Home > PRSA, Traditional media > What the traditional media had to say

What the traditional media had to say


Traditional media relations tactics still important

Although there’s been considerable focus on “new” media, the “old folks” still play a vital role in our strategic public relations efforts.

For example, we generally get a lot more activity in our live online chats at the Hamilton County Department of Job and Family Services when the local newspaper, TV or radio outlets do a blurb or mention as a result of our press releases. Our communications director has established good working relationships with the media, so they know he’ll provide newsworthy material.

At the heart of Media Relations is getting to know the needs of individual journalists — and striving to meet them. One might want video, photos and fact sheets. Another might prefer a two-paragraph e-mail. It’s important to learn their preferences and then read, listen to and/or view their reports. Offer story ideas of value to their readers/viewers/listeners.

With that in mind, here are some highlights from the traditional media portions of the recent Cincinnati PRSA Media Day event:

National Media Panel
* Bob Driehaus, former Cincinnati Post reporter who freelances for New York Times
* Dan Sewell of Cincinnati AP bureau
* Carolyn Forta, Good Housekeeping

Sewell covers P&G, Kroger and breaking news. Likes brief pitches. E-mail best. Subject line critical. Contact info. Couple lines and bullet points. Whatever helps sell the story to editors. Relevance. Statistics. Trends. AP reporters like Sewell heavily involved in Twitter. Facebook to lesser extent, but evolving quickly. Use to develop contacts, get story ideas, see what people are talking about.

Driehaus does not use HARO to get sources. Will use Twitter, Facebook in a pinch. Pitches more stories to NYT than they assign. Likes brief pitches. E-mail best.

Forta does a speed cleaning page. Tests products in lab. Does a blog. Drives traffic with Twitter and Facebook. Web work adds to workload.

All use bloggers for tips or background. May become a source. Never lift from blogs. Good Housekeeping getting info from Webinars.

Local Media Roundtables

James Pilcher, assistant managing editor, technology
The Cincinnati Enquirer
Covers economy, aviation, technology Get to know me. Don’t do a cold call. Example: PR person had read his Twitter stream and was familiar with him before making a pitch. Keep pitches to 4-5 paragraphs with no attachments Think multi-media: Enquirer does as much video as TV Also does podcasts 24-hour news cycle. Give to us first . A well-told local story will get picked up by AP. National reporters check with local journalists first while researching stories. Utilizes online newsrooms on Web sites every day. Likes contact info, financial info, top executive bios/photos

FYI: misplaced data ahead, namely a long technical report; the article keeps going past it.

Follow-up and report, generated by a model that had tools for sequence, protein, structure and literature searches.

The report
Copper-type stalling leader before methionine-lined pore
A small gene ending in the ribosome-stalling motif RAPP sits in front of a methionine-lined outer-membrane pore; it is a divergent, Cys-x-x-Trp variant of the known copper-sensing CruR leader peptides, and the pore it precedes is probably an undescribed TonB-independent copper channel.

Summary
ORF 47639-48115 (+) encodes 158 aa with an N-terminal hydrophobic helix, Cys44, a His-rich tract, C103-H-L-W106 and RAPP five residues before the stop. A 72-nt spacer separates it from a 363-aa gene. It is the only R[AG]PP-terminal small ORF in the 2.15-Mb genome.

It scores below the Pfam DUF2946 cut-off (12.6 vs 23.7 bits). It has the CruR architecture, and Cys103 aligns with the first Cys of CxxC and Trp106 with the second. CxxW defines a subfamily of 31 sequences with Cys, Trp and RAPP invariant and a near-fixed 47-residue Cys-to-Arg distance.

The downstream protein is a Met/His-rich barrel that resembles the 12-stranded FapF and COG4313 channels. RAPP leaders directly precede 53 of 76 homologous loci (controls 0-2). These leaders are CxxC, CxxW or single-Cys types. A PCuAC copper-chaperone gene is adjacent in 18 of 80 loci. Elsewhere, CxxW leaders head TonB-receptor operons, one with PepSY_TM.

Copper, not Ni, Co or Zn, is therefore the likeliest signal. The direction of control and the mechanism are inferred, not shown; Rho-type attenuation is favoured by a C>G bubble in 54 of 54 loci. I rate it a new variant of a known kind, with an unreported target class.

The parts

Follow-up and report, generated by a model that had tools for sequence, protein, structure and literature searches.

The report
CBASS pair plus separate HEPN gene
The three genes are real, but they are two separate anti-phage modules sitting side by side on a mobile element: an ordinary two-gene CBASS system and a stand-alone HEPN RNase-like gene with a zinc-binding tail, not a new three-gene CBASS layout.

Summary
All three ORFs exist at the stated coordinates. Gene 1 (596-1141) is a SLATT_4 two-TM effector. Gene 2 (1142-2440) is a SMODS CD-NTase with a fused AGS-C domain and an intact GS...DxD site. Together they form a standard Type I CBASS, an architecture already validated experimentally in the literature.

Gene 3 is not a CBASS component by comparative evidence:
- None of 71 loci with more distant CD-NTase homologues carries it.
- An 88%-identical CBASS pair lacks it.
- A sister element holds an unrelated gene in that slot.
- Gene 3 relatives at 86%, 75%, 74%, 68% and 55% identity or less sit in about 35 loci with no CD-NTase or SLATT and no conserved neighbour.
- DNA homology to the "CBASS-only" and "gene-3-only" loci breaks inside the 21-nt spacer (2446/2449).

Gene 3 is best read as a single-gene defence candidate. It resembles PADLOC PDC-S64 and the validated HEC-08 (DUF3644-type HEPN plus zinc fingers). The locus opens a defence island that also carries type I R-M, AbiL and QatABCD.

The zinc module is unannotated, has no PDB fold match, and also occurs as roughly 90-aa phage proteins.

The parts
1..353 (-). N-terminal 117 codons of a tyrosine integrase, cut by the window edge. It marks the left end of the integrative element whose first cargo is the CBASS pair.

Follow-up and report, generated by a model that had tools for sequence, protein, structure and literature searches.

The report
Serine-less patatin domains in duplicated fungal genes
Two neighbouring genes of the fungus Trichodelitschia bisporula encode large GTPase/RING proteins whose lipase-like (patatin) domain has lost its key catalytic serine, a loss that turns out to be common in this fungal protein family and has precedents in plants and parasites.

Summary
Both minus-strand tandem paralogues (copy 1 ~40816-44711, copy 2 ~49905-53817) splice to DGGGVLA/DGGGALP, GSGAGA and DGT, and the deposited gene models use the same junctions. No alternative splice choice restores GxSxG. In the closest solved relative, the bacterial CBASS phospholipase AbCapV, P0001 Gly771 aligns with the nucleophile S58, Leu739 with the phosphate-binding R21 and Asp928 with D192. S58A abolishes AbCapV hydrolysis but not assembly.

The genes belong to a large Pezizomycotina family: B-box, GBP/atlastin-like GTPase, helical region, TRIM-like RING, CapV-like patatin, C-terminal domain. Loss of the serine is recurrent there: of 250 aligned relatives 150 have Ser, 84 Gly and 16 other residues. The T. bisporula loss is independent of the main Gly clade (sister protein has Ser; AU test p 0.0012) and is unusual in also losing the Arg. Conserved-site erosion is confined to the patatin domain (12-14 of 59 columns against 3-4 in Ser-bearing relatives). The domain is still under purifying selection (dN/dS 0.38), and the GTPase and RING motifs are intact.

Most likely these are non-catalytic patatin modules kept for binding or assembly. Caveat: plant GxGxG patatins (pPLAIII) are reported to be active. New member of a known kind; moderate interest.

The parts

Chris Graves, assistant managing editor/digital-online

Cincinnati.com primarily fed by Enquirer. Enquirer.com no longer exists Her job fundamentally changes every six months In the last four months, the Enquirer has been putting virtually all of the printed paper online a day in advance. Competing with Google, AP, blogs… Use Share first. Editor could flag for Community Press, Enquirer Also e-mail editors and localnews@enquirer.com Get to know reporters Don’t put solely on Share. Send to editor/reporter, too. She does the Enquirer’s live chats. Not regularly scheduled. As needed. Also, they’re looking at BlogTalkRadio

Stew Hirsch, assignment manager

Started June 1. Had been in Columbus market for 20 years Doesn’t like pdf attachments. Doesn’t want a suit. Wants real people.

Hope you find this helpful. Please feel free to share your thoughts about this.

Categories: PRSA, Traditional media
  1. November 12, 2009 at 10:55 am


    It seem like a lot of them said they prefer that a PR practitioner “get to know them first” or some form of that. How would someone like myself, who’s just getting started and doesn’t really have a rolodex (virtual or otherwise) of media contacts, get to know them?

    None of them like cold calls. So calling or emailing them to invite them to lunch or something to “get to know them” would probably fall on deaf ears, or worse, annoy them.


    • mikeboehmer57
      November 12, 2009 at 11:08 am

      I’d suggest that you select a few top journalists — those who communicate with your target audience(s). Then, do your homework about them. Read their stuff. Listen to their podcasts, radio shows… Watch their TV programs. Follow them on Twitter and Facebook, if they’re there. Visit their LinkedIn profiles. Google their names.

      Then, sent them an e-mail and briefly introduce yourself. Ask about their deadlines and preferences.

      Some may be open to lunch or coffee. Some may be too busy.

      If they’re speaking at a luncheon or participating in a panel discussion, attend — and use this as an opportunity to connect.

      Comment on their online articles/reports and blog posts. Show you’re really interested in what they’re doing.

      These are just some practices that have worked for me. Hope this helps.

  2. jericles
    November 12, 2009 at 11:42 am

    Thanks for the advice. It helps very much.

    • mikeboehmer57
      November 12, 2009 at 11:58 am

      Glad to share my experiences! That’s what this blog is all about.

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